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Wednesday, September 7, 2011

Writing Prompt-and-Share #19

Happy Prompt-and-Share Wednesday! Remember how I mentioned a week or so ago that I was going to start putting a little order to the madness of Prompt-and-Share? Thursdays are going to be random word generated prompts focusing on plot - but Wednesday's are going to keep in stride with the First Sentence Theme.
We all know how important the first sentence is to any story, it grabs the reader and pulls them in. Last time we used the first sentence from "Pillars of the Earth" and we got some amazing entries.
This week we are going to use the first sentence from the first chapter of "Twilight". (Stifle your groans people, it was best-seller for a reason).
In 400 words or less, start your story with the sentence: My mother drove me to the airport with the windows rolled down.
Infect me with your diversity folks!

My Submission:

My mother drove me to the airport with the windows rolled down. I loved the way the wind played with my hair, even though it meant I’d have to deal with tangled masses before I exited the vehicle.

“Are you wearing clean underwear, dear?”

I sighed, shaking my head. “You know mom, I never really understood that question. I mean I get it, if I’m in an accident and my clothes are removed, I will be grateful that I was wearing clean underwear. But really, mom, has anyone ever said ‘no’ to that question?”

I felt my brow furrow and I began chewing on the side of my thumb nail. “Clean underwear,” I muttered into my hand while rolling my eyes and shaking my head at her absurdity.

Without warning the car lurched towards the shoulder. Gravel and dirt enveloped the vehicle with tiny tings and loud knocks. I screamed, holding on to the window frame as a cloud of dust smacked me in the face. My body flung forward against the restraint of my seat belt, and then flew back smashing my skull on the headrest with a thud. I was dirty, sweaty and so scared I almost peed in my clean underwear.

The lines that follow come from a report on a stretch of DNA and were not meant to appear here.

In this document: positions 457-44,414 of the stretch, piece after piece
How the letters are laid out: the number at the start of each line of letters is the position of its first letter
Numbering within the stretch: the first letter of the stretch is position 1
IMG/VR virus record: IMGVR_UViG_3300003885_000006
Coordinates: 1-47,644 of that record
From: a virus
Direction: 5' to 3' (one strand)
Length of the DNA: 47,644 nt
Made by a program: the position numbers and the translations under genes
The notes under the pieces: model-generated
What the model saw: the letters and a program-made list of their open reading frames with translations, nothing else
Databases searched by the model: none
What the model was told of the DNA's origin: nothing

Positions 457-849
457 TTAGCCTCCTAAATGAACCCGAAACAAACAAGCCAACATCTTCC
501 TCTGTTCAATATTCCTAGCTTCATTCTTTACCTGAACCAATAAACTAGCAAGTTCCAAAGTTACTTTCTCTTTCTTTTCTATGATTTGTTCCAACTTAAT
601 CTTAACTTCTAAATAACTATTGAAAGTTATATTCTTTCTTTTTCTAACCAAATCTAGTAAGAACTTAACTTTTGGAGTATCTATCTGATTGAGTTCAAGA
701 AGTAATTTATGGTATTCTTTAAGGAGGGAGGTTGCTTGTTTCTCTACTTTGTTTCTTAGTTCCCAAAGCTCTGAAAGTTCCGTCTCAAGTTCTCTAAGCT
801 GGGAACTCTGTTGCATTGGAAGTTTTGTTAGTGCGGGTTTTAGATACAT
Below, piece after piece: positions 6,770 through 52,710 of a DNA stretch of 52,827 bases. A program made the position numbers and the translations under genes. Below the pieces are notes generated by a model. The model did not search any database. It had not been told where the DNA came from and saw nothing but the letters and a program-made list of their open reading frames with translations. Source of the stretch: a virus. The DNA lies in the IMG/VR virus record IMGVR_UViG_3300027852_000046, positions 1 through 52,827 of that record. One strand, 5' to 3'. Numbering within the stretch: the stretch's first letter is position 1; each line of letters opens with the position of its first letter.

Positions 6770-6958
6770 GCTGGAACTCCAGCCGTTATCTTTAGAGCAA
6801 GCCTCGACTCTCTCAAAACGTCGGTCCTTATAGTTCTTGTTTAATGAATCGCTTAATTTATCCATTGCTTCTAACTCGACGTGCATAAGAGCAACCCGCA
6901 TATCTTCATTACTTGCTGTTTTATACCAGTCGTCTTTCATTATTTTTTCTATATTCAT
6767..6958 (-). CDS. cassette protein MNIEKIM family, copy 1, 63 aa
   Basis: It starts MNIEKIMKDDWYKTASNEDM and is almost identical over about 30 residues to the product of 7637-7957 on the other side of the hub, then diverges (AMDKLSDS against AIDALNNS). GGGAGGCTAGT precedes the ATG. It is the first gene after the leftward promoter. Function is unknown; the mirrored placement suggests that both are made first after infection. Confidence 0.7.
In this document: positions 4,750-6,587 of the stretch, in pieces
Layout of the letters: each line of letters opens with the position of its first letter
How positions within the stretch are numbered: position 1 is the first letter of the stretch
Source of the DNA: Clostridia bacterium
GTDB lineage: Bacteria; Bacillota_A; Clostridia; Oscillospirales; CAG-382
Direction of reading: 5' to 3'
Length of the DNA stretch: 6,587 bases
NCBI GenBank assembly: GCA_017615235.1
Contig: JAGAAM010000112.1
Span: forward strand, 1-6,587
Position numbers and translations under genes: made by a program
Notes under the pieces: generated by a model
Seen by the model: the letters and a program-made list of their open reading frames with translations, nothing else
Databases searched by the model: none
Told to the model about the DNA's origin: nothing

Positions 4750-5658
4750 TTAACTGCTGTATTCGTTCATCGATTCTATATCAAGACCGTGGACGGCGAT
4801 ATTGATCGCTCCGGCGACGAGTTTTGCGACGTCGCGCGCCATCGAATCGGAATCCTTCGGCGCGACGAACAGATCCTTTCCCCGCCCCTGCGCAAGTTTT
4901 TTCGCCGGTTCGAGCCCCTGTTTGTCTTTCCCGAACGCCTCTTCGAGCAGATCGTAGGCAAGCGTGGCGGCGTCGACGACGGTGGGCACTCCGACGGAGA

It took moments before I realized we had not been in an accident, mom had purposely pulled off the road and was now staring at a vacant spot on the windshield in front of her. Her jaw muscles crinkled under her skin. I was going to whine, bitch and moan, but there was something about her expression that stole the bratty words right from my mouth. I simply stared at my mother in the driver's seat, a woman I no longer recognized.

“Sophia. I asked you a question.” She stated through clenched teeth.

“Yes mother," I said hastily, "yes I’m wearing clean underwear.”

“Good then.” She put the car back in gear, checked her mirrors and merged back into traffic.

It took a few years in the Peace Corps and many experiences before I realized how much of an impact that day had on me. My mother needed her own way to say she loved me, she was scared for me, and it broke her heart to let me go. Regardless, from that day forward, I chose to go commando.


  1. My mother drove me to the airport with the windows rolled down. They had to be down, we'd have died otherwise.

    I'm only thirteen, I think, that's why I did it. I want to chuckle at that, but it hurts too much. It's a crock of shit. When it's something that I want to do, somewhere I want to go, and my folks won't let me, it becomes "I'm thirteen, not a baby."

    I feel like a baby right now. A stupid, stupid baby without the brains to keep stuff out of its mouth. Worse. Babies don't keep eating when they're full.

    Mom didn't say a word. She doesn't have to. The set of her lips said it all. Disappointed. How I hate that. Punish me, ground me for a year, but that silent disappointment? Please God, no.

    Why the hell did I listen to Jimmy? I groaned as another round of rumbling clenched my gut. Mom rolled her window down a little more. Why? I ask myself again.

    Dollar tacos. That's why. And a bet. A stupid five dollar bet. Jimmy won, and insisted I pay him right then. All I had left was my busfare- and a stomach full of nineteen soft tacos. Jimmy had twenty, and a sick smile on his face.

    That night, I went to sleep in a cloud of my own shame and self loathing... and farts. Next time, I'll know better. Next time, I'll say no.

  2. Now this has character, plot, conflict and resolution. Love it Chris! You never disappoint!

  3. Thanks for the comment (and the + link!) Nina.

    I love your final paragraph, and the last line. "Going commando" has such a light feel to the words, but in the context of what she's come to understand about her mother's motivations, it's got some serious implications. Well done!

  4. Interesting approach to the prompt here. That's one way of getting a point across.

    Tossing It Out